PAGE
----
Japanese will fight for rights


THE RITUAL OF RIGHTS IN JAPAN: Law, Society, and Health Policy, by Eric A. Feldman. Cambridge University Press, 2000, 219 pp., 14.95 British pounds (paper).

Debunking myths is a noble endeavor, especially for scientists who are in the business of separating fact from fiction. The belief that Eric Feldman here sets out to expose as myth is that Japanese culture is antithetical to the idea of rights.

It is a common perception, in Japan and abroad, that in Japan there is an unwillingness to assert one’s rights, as well as a general reluctance to go to court. This has to do with the ideas of harmony and consensus that are usually used to describe the Japanese social system. The Japanese are averse to litigation and do not think highly of asserting their rights or of those who do. Conflict resolution before the courts is not favorably regarded — or so the standard argument goes.

Feldman’s project is to challenge this view. “Rights-based conflict,” he says, “is not so anomalous in Japan.” This judgment is possible only on a comparative basis; that is, if we have a standard for what is normal. The author’s yardstick is the U.S. legal culture, which is widely perceived to rely heavily on the courts for social and political conflict resolution.

Cultural stereotypes, such as those about harmony and consensus, are grounded in reality one way or another. Japanese social history differs in many ways from that of the West. It would hardly be surprising, therefore, if its legal culture were also different. And there can be little doubt that it is. After all, until Meiji, there was no Japanese term for rights, in the Western sense.

The author briefly reviews Japan’s legal history in pre-modern times, during which justice tended to be viewed as a matter of grace rather than right. However, the focus of this book is on the present, where the assertion of rights is becoming ever more salient.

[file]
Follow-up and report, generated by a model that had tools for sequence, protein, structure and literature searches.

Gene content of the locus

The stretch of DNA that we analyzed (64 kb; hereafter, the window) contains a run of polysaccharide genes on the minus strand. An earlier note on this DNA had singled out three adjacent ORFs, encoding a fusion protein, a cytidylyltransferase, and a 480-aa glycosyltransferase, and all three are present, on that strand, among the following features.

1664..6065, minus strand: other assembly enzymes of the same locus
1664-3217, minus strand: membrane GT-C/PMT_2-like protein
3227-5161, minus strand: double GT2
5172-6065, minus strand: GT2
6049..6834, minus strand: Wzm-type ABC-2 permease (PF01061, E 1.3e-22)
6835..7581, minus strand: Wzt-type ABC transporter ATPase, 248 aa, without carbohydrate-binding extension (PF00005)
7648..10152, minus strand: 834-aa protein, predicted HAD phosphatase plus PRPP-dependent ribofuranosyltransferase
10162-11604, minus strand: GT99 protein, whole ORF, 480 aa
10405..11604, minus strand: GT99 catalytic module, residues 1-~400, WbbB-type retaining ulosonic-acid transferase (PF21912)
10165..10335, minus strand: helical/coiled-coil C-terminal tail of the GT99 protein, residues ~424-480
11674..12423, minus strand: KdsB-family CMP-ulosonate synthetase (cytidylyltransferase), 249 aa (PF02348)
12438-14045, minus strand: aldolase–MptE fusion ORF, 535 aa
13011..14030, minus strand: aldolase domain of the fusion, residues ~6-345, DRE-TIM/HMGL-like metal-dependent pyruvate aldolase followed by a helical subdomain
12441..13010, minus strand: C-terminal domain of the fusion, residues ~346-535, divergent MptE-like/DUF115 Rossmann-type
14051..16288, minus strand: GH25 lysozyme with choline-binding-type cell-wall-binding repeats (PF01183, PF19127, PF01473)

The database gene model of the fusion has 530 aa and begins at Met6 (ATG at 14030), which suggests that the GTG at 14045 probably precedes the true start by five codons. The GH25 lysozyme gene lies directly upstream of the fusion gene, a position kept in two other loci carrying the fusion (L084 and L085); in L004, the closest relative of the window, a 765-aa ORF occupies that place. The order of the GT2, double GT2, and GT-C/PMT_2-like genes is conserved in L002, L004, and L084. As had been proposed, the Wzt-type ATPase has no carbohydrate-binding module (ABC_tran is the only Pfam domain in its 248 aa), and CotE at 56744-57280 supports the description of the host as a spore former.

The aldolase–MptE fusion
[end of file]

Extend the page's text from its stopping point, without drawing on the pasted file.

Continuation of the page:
His particular interest is in two legal controversies that grew out of health problems and progress in medical science: the AIDS epidemic and transplant medicine.

AIDS came to Japan relatively late and was long regarded as a “foreign disease” that attracted little attention. But the need for an AIDS law could no longer be put off when it became clear that a large number of Japan’s hemophiliacs were HIV-positive, having fallen victim to the importation and distribution of tainted blood, and that their misery could perhaps have been prevented by more scrupulous screening on the part of the Ministry of Health and Welfare and the pharmaceutical industry.

In his meticulous reconstruction of the battle over AIDS policy and a suitable law, Feldman demonstrates that the assertion of rights was a major element in the process. Many legal aspects are involved that can be phrased in terms of rights: the right to proper treatment, the right to privacy, the right to compensation for negligence, to name but the most important.

A major theme in what Feldman calls the AIDS narrative has been the tension between individuals and the state, between the personal and the social. While many Japanese lawmakers were inclined to give precedence to the protection of public health over respect for individual rights, the whole debate has come increasingly to resemble that in the United States.